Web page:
Instead of Option No. 3, though, which is really boring, how about we call this the Third Way?

OK, where were we? Oh yeah. Maybe it occurred to someone in the caucus after they’d all talked the new premier into having a fall session after all that it would be pretty hard for her to come up with a legislative agenda on such short notice.

Now, if this sounds like I’m flip-flopping on my original position, well, all I can say is that I’m not the premier. And I still think that it would have made sense for Ms. Redford, and her high-paid political advisors, and her caucus, and her new cabinet ministers, to have taken a breath for a couple of days before they decided what to do – which, it is said here, would not have been this!

But, here we are anyway. The government is obviously right that it would have been pretty hard to come up with a full-blown agenda by the end of the month. And the Opposition is just as obviously right that it sure doesn’t sound like the openness and transparency Ms. Redford promised when she was running for the job to have a session of the Legislature but then to cut out all the days devoted to debate.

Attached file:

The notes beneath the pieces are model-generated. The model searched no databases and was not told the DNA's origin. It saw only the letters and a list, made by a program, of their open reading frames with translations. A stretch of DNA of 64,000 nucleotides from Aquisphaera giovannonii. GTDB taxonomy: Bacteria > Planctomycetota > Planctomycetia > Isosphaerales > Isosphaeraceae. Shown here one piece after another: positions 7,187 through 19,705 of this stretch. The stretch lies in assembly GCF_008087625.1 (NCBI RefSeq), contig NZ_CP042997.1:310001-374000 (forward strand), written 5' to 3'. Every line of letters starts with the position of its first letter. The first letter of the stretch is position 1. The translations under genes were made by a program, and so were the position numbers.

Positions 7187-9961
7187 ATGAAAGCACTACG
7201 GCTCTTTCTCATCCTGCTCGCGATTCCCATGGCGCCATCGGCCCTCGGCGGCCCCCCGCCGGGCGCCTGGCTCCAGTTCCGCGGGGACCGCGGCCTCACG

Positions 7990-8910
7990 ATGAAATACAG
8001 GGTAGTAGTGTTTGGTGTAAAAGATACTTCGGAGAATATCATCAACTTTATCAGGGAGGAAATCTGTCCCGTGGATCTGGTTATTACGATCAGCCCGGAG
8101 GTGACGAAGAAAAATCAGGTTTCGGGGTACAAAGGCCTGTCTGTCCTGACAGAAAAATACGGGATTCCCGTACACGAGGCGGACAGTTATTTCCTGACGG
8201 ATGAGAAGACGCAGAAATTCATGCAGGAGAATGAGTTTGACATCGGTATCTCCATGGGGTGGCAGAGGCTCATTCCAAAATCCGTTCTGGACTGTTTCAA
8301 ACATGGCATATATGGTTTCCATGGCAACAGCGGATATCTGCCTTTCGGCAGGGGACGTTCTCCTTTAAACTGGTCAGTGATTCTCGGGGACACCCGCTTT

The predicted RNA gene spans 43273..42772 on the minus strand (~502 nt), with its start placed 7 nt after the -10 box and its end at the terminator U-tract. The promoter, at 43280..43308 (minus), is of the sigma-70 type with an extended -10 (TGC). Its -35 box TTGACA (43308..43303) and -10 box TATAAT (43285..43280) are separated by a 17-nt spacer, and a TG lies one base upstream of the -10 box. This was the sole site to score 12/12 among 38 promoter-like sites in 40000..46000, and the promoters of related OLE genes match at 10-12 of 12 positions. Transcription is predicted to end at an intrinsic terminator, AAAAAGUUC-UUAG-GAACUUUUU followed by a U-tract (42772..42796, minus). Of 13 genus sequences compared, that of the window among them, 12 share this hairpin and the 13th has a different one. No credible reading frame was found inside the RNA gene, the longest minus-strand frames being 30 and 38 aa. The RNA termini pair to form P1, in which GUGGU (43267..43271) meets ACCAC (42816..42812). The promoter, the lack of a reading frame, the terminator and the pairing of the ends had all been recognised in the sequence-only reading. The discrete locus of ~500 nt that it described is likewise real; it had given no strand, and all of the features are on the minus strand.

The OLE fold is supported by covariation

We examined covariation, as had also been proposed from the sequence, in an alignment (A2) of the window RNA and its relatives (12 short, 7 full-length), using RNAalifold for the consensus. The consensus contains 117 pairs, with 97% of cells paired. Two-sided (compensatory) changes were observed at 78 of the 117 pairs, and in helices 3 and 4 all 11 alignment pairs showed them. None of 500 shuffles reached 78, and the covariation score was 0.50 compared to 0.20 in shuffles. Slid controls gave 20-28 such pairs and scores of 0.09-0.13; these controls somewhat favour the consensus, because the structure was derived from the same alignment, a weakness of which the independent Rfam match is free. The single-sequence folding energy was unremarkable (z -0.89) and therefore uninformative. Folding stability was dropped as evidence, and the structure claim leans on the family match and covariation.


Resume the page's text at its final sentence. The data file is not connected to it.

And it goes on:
It’s also far from clear if anyone but the politically obsessed cares a fig about how long the Legislature sits, or even much about what it’s talking about when its sitting.

Be that as it may, the one thing opposition parties always try to do with new government leaders is to get something negative to stick to them before their advisers can plant the seed of something positive in the mind of the public.

Thanks to a little help from the premier herself, there’s a good chance the idea that sticks to her will be that she’s an inexperienced flip-flopper with no plan.

If this sounds familiar, it should. It’s probably something Ms. Redford’s brain trust might want to work on correcting!

This post also appears on